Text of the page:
28.17. Dealing with Too Many Arguments
Historically, one of the more annoying
things about the design of many UNIX tools was their inability to
handle large numbers of arguments. For example, if you wanted to
print several hundred files using lpr, you either
had to pass them a few at a time, perhaps using wildcards on the
command line to split the list up into shorter groups, or call
lpr once per file, perhaps using
find or a loop. One other method, which is still
useful today, involves the use of xargs.
xargs is one of those Unix utilities that seems
pretty useless when you first hear about it -- but turns into one
of the handiest tools you can have.
Go to http://examples.oreilly.com/upt3 for more information on: xargs
If your system doesn't already have
xargs, be sure to install it from the web site.
xargs reads a group of arguments from its standard
input, then runs a Unix command with that group of arguments. It
keeps reading arguments and running the command until it runs out of
arguments. The shell's backquotes (Section 28.14) do the
same kind of thing, but they give all the arguments to the command at
once. This can give you a Too many arguments
Here are some examples:
If you want to print most of the files in a large directory, put the
output of ls into a file. Edit the file to leave
just the filenames you want printed. Give the file to
xargs' standard input:
< Section 43.1
% ls > allfiles.tmp
% vi allfiles.tmp
% xargs lpr < allfiles.tmp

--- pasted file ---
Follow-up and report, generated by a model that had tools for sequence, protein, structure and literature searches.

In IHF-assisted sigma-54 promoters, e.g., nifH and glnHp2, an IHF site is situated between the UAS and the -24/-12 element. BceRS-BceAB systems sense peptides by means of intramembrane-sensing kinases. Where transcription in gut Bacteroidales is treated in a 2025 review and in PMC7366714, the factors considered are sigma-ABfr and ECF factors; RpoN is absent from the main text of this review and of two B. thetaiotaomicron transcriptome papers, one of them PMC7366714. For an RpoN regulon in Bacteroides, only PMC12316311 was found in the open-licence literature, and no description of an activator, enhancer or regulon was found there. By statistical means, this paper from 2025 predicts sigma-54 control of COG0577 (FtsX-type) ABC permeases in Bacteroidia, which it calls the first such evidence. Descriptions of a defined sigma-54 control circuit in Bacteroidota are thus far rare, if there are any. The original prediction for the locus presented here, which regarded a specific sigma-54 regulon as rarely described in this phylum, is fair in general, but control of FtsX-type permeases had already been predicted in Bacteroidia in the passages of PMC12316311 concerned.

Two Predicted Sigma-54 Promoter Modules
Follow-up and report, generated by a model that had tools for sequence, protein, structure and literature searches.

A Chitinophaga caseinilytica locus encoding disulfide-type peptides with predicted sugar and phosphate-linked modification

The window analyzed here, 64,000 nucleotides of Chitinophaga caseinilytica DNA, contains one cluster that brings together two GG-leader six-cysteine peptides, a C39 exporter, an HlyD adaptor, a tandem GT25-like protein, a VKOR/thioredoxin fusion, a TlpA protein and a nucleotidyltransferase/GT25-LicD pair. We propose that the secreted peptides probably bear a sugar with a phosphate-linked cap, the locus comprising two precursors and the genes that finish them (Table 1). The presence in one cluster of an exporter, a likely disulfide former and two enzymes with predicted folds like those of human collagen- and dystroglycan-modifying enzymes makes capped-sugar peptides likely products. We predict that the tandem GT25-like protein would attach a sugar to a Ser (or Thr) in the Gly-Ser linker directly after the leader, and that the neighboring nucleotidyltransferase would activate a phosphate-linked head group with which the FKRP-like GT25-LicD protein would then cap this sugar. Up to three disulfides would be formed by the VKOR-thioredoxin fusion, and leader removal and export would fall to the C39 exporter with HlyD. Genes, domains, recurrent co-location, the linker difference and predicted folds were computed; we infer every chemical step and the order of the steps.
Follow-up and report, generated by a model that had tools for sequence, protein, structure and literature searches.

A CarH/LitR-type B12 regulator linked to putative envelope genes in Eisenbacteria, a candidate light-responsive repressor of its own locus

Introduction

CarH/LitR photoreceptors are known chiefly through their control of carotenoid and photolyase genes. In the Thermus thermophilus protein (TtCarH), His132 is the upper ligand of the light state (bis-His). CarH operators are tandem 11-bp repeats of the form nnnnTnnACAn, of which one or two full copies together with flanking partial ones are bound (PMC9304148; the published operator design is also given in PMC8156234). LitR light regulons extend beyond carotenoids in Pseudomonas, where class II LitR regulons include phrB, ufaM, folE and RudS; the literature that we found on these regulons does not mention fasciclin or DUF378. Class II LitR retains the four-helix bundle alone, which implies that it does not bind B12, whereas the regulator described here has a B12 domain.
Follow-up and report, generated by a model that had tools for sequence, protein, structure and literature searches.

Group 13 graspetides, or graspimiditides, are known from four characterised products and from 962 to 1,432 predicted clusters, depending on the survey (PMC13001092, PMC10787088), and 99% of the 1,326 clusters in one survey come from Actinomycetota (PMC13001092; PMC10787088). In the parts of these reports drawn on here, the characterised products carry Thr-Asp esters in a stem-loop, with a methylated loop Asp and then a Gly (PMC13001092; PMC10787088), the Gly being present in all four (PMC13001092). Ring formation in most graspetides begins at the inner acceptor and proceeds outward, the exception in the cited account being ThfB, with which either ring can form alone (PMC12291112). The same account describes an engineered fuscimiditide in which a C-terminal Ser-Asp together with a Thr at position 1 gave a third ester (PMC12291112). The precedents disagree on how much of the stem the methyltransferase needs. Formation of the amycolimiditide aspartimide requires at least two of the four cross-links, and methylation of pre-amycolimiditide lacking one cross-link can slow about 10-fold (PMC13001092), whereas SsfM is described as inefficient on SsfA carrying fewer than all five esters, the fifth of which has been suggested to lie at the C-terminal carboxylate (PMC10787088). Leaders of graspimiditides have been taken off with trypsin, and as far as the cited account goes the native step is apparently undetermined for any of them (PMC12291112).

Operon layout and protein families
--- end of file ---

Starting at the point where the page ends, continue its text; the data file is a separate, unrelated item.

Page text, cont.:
What did that do? With lines like these in
% cat allfiles.tmp
xargs ran one or more lpr
commands, each with a group of arguments, until it had read every
word in the file:
lpr afile application ...
lpr ... yoyotest zapme
This has another advantage for lpr: each print job
is fairly short, so you can delete one from the print queue without
losing all of them.
The standard output of xargs is the standard
output of the commands it runs. So, if you'd created
allfiles.tmp above, but you wanted to format the
files with pr (Section 45.6) first, you could type:
% xargs pr < allfiles.tmp | lpr
Then xargs would run all of these
pr commands. The shell would pipe their standard
outputs to a single
pr afile application ...
In the next example, find (Section 9.1) gets a list of all files in the directory
tree. Next, we use xargs to read those filenames
and run grep -l (Section 33.6) to find which files contain the word
"WARNING". Next, we pipe that to a
setup with pr and lpr, like the
one in the previous example:
% find . -type f -print | xargs grep -l WARNING | xargs pr | lpr
"Huh?" you might say. Just take
that step by step. The output of find is a list of
filenames, like ./afile ./bfile ... ./adir/zfile
and so on. The first xargs gives those filenames
to one or more grep -l commands:
grep -l WARNING ./afile ./bfile ...
grep -l WARNING ./adir/zfile ...
The standard output of all those greps is a
(shortened) list of filenames that match. That's
piped to another xargs -- it runs
pr commands with the filenames that
Unix is weird and wonderful!
Sometimes you don't
want xargs to run its command with as many
arguments as it can fit on the command line. The
option sets the maximum number of arguments xargs
will give to each command. Another handy
option, -p, prompts you
before running each command.
Here's a directory full of files with errors (whose
names end with .bad) and corrected versions
(named .fixed). I use ls to
give the list of files to xargs; it reads two
filenames at once, then asks whether I want to run diff
-c to compare those two files. It keeps
prompting me and running diff -c until it runs out
of file pairs:
% ls | xargs -p -n2 diff -c
diff -c chap1.bad chap1.fixed ?...y
...Output of diff command for chap1...
diff -c chap2.bad chap2.fixed ?...n
diff -c chap3.bad chap3.fixed ?...y
...Output of diff command for chap3...
--JP and SJC
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